Sustainability features in Scotland’s draft constitution proposals
Tuesday, June 17th, 2014 By
The first draft constitution of an independent Scotland has been published, ahead of September’s referendum, with sustainability and the environment featuring in the bill.
The bill sets out that the people are sovereign – rather than parliament – as is the case in the UK. The Scottish National party argues that a written constitution would offer better protection for the public than the UK’s unwritten constitution. The UK is the only country in the EU and Commonwealth that does not have a written constitution.
In a keynote speech, deputy first minister Nicole Sturgeon said, “The key constitutional and practical point here is that with independent the Scottish parliament can deliver economic policy tailored to our needs and designed to take advantage of our great wealth. We will be able to retain the proceeds of growth in our economy in the form of increased tax revenues.
“With independence, Scotland will be a national economy with all the tools of other independent states. Independence as our constitutional future puts the practical responsibility in our own hands.”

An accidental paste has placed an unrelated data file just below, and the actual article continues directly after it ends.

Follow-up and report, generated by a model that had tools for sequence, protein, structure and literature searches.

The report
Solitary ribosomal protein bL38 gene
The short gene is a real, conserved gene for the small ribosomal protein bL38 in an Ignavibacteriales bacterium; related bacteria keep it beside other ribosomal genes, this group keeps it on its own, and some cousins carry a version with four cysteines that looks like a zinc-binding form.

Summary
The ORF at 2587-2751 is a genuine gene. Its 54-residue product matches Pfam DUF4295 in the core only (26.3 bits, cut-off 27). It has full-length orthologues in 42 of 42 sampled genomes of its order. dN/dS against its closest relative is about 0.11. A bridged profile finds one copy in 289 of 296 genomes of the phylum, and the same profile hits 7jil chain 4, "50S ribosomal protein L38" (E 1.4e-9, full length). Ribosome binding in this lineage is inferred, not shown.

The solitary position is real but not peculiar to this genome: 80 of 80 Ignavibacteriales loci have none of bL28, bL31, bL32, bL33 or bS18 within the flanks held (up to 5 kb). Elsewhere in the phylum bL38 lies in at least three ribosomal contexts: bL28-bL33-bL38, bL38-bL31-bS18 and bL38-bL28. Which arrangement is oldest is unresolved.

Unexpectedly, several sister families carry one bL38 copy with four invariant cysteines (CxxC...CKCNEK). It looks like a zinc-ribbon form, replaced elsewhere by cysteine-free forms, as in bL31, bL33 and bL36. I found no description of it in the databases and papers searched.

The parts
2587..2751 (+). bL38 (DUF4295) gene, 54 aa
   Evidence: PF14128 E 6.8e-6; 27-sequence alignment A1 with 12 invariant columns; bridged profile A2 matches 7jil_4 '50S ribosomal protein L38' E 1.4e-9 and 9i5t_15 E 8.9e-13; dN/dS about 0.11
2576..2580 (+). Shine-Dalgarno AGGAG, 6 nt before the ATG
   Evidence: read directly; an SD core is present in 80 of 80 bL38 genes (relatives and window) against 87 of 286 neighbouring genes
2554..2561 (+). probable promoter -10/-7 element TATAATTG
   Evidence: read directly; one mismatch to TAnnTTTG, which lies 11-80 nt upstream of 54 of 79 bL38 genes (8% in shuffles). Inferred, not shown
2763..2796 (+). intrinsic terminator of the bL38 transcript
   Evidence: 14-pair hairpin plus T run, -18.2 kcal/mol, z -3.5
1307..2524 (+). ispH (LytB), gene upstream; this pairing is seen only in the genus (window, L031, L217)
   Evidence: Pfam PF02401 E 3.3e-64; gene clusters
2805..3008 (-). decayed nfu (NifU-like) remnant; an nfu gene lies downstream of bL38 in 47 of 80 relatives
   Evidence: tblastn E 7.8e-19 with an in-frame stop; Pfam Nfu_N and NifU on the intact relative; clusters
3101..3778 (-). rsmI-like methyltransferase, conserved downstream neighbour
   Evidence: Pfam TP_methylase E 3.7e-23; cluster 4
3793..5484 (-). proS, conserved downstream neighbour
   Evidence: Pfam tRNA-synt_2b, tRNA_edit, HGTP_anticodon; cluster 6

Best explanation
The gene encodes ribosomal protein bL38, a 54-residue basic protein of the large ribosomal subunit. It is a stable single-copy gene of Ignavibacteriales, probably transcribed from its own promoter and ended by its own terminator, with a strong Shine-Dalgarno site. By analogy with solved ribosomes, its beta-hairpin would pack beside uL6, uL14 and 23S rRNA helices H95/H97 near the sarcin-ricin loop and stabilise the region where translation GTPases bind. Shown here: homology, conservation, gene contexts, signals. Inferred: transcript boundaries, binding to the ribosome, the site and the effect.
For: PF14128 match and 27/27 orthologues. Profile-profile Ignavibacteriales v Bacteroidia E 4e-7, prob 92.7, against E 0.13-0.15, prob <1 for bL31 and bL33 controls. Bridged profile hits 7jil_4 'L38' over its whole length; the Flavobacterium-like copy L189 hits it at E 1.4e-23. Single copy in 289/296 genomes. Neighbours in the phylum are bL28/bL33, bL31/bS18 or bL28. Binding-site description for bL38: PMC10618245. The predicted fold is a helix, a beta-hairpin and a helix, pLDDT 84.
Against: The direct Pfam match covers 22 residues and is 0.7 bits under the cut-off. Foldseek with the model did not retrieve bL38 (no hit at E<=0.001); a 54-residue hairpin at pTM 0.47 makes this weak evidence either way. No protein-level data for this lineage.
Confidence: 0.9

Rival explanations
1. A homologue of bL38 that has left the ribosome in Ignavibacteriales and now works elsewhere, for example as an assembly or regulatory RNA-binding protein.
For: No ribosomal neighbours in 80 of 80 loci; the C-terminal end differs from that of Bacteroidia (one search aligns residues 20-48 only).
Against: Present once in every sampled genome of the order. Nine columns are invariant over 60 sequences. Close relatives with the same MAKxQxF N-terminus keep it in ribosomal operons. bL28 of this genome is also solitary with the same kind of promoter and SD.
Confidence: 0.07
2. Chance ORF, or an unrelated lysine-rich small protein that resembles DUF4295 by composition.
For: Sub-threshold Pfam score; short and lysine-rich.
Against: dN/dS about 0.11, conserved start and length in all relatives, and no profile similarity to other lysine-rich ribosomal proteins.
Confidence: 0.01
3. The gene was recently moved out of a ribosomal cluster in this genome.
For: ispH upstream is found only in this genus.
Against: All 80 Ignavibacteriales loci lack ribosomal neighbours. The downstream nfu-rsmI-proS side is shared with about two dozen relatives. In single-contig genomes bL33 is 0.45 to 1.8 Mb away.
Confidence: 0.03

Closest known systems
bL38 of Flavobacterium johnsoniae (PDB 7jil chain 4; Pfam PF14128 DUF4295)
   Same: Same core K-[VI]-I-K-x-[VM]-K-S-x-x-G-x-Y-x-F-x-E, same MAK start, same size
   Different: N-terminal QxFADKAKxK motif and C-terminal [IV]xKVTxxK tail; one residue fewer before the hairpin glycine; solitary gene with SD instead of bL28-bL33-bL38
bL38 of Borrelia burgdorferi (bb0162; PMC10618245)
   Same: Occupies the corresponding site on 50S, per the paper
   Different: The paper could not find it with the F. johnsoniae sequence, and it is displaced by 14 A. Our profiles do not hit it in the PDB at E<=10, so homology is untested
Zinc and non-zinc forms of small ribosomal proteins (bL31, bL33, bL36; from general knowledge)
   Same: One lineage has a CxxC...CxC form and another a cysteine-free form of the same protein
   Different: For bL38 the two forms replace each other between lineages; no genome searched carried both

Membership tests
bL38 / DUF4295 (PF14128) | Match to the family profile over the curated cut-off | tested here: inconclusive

The proposal states that “every person is entitled to live in a healthy environment” and that the government must seek to protect and enhance the quality of the environment. It adds that the government must in particular work to promote the “conservation of biodiversity” and “measures to tackle climate change”.
The constitution also declares that natural resources are to be used in a manner that is “sustainable” and benefit the people of Scotland, through economic, social or environmental impacts.
Richard Dixon, director of Friends of the Earth Scotland, commented, “[The bill] goes beyond existing duties to protect nature and deliver on climate change targets. The proposal to enshrine the right to a clean environment in the constitution is a huge step forward.
“A written constitution enshrining the importance of the environment is probably the single most powerful arguments in favour of the yes vote. Those opposed to the independence need to show us how they would deliver something as powerful if Scotland stays in the UK.”
On September 18, Scots will go to the poll and vote on whether to become an independent country or remain part of the UK. June’s ‘poll of polls’ suggests that voters will back the union although the gap between the two sides is narrowing.
The constitution also sets out plans to remove nuclear weapons and keep the Queen as head of state.
Photo: Scottish Government via Flickr
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